Aug 30


Skopje, Macedonia’s capital has experienced the devastating earthquake of 1963 that destroyed many beautiful buildings dating from the 18th and 19th centuries After subsequent reconstruction, it resulted a concrete landscape that many have associated with the image of the former communist countries. Those who have visited Skopje recently were disappointed to see many of the buildings in the center covered by scaffolding, following extensive reconstruction programs of the city, but now things are coming together and Skopje is regaining its old charm.

In any case, a trip to these places reveals a fascinating destination, which abounds in culture and hospitality, making up for the lack of aesthetics, compared to other cities and places of the former Yugoslavia. The urban identity is given by the mixture of apartment blocks, mosques, minarets and Orthodox churches on the majestic background of the mountains all of these being an eloquent evidence of the cultural historical heritage loaded.

Spread on the banks of the Vardar River, visitors have to head north to take a look at the old Turkish part of town, Carsija. Here, cobblestone streets and bazaars are full of shops selling everything from clothes to glittering jewelry. These streets are full of bustle and are the perfect location to make a stop for eating and drinking; the place is practically “invaded” by Turkish restaurants serving mouthwatering dishes.

The sky of Carsija is dominated by Kale Fortress, which is dating from the 10th century. This sight is a mixture of ruins which have existed for only 600 years, but the place preserves artifacts and archeological remains from edifices built in the sixth century A.D. The view the Skopje that you can see from the fortress, above the Vardar River is beyond impressive.

A walk downhill, taking Carsija as a starting point, will lead to Kamen Most, a 15th-century stone bridge which links the surroundings to Makedoniki Polstad Market, located in the south of the river. Marsal Tito is perfect to relax in a café or bar or for shopping in the elegant shops nearby.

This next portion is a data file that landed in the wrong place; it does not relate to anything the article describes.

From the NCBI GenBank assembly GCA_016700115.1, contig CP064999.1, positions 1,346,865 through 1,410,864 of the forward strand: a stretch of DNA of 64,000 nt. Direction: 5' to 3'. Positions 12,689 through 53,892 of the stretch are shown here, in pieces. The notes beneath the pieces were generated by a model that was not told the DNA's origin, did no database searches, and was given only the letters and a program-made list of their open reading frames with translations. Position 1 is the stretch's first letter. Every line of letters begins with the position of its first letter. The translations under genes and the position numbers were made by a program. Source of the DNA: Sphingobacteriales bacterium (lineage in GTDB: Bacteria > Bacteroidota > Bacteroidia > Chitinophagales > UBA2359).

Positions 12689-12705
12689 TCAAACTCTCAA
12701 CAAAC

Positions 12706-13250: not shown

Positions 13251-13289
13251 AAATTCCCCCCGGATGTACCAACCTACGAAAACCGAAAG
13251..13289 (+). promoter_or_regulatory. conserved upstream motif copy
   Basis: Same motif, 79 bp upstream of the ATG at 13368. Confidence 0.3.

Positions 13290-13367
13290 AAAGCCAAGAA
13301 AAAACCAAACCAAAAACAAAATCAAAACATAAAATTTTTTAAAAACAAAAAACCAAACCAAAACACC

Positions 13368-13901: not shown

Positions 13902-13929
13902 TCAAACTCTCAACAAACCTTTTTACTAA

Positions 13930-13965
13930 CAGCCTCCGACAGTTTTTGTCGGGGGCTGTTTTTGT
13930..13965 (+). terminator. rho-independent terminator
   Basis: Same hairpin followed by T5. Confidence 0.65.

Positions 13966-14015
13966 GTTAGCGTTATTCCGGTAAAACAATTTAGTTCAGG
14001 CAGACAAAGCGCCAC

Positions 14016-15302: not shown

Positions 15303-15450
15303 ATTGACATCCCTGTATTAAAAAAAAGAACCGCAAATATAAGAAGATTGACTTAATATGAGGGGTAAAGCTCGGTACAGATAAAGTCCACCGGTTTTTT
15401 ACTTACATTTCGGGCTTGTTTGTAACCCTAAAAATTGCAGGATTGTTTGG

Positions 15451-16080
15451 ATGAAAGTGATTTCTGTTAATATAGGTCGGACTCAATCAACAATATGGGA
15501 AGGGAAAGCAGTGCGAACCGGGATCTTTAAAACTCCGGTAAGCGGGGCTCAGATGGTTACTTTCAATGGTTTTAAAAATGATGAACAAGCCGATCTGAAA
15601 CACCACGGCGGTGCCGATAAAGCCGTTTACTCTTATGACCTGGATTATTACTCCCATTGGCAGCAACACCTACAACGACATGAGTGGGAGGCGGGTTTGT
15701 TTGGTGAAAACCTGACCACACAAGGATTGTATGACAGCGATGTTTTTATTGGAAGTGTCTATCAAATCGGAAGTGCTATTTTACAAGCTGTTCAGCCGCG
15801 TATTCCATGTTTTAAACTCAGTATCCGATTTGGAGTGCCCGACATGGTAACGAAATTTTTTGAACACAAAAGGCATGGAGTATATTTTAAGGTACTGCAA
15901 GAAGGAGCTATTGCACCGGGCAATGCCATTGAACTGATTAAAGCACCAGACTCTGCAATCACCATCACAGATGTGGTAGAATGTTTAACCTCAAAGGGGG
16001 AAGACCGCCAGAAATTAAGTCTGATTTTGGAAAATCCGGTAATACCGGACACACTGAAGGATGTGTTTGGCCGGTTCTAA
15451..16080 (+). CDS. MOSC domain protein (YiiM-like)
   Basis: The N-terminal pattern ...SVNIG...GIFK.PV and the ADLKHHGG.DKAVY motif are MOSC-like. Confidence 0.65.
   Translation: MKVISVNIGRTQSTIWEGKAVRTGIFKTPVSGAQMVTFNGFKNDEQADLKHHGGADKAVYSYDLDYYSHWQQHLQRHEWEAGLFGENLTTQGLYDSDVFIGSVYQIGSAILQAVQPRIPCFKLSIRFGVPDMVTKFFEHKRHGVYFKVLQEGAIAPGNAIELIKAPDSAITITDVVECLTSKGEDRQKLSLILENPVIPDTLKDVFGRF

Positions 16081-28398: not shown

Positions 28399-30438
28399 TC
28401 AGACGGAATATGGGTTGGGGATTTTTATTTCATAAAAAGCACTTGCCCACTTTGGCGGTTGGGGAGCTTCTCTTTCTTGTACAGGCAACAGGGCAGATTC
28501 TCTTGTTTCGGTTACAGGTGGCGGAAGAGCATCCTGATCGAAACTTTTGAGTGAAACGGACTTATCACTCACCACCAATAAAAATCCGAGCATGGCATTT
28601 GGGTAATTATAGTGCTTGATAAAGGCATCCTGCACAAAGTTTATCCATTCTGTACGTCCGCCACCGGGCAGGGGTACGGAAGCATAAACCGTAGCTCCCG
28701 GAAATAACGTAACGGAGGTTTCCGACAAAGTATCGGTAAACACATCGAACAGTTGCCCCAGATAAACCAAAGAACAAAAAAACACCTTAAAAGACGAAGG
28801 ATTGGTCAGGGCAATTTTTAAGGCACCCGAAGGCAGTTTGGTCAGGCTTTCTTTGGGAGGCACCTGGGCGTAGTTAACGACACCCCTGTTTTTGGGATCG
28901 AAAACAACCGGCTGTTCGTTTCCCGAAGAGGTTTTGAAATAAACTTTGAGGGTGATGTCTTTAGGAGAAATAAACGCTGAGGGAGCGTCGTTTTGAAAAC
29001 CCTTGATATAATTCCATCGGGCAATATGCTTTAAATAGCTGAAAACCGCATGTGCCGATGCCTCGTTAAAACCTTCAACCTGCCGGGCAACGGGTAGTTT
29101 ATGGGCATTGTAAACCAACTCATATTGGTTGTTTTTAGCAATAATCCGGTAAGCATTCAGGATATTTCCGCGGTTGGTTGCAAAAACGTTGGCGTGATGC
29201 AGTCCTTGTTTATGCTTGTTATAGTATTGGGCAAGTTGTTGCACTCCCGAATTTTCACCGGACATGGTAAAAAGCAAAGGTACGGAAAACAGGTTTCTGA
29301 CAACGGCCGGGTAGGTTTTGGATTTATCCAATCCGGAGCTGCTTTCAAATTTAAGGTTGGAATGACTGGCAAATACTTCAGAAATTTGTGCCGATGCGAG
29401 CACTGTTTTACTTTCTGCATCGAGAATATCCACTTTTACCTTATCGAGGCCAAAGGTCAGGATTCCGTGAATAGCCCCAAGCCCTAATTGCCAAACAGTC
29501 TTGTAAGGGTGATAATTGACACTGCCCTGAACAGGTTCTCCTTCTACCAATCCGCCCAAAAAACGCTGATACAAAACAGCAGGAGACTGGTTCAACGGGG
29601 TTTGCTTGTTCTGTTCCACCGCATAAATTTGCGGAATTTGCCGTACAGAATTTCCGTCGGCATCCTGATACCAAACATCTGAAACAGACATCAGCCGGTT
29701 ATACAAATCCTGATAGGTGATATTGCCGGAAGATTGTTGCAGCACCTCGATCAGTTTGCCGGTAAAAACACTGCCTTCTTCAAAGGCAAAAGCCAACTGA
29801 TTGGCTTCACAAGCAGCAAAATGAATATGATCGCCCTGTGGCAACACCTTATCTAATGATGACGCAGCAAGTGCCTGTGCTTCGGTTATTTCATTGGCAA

Music is an integral part of the rich culture of Macedonia, strongly influenced by the gypsy communities in the area. Suto Orizari, located on the outskirts of Skopje, known under the name of Shutka is the largest community of gypsies and first place belonging to this ethnic group, with independent governance. This place is more of a point of interest to those fascinated by gypsy culture than a tourist attraction in itself.

Makedoniki Polstad Market is reputed to be one of the best places in the Balkans where you can bargain, and if you’re a fan of gypsy music, there are plenty of street vendors who will sell you CDs of local artists. Nearby, there are several parks and recreation points rather than places of conventional beauty. Architecture is a multicolored puzzle that includes everything from shacks to the most elaborate and best looking houses (belonging to the rich people, of course).

If you get here during the summer, you might be a witness to the wedding party taking place just down the street. It’s hard not to be overwhelmed by the warmth and charm of locals and many people mention a visit in this area as having a special status and being a landmark of their journey in Macedonia.

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Jul 26


Nestled in the heart of the Western Balkans, Montenegro enjoys a mysterious reputation gathered over the years in which tourism has been neglected, adding to the problems in the region. Meanwhile, Montenegro has gained a certain opening, mainly through the recent massive investment from Russia.

For those who want to fly directly into the heart of the country and explore the mountains first, the country capital Podgorica is the best choice. Besides the capital city, you can go to Tivat, which is situated on the coast and offers the great option to enjoy the Adriatic Sea; you can start by sinking your feet in the shallow waves and breathe the fresh air of the surroundings. If you want to make Montenegro a part of a circuit through several countries, then, for more adventure, you can fly to Bosnia, Sarajevo and then go towards the south; or if you want to go through Croatia, discover the charming Croatian coast town, Dubrovnik before everything.

The tip we want to offer you is to make sure you find a taxi driver who speaks English well while at the airport. If you grant a better price, then he will give you a discount and will take you to all the interesting places that are not entirely known.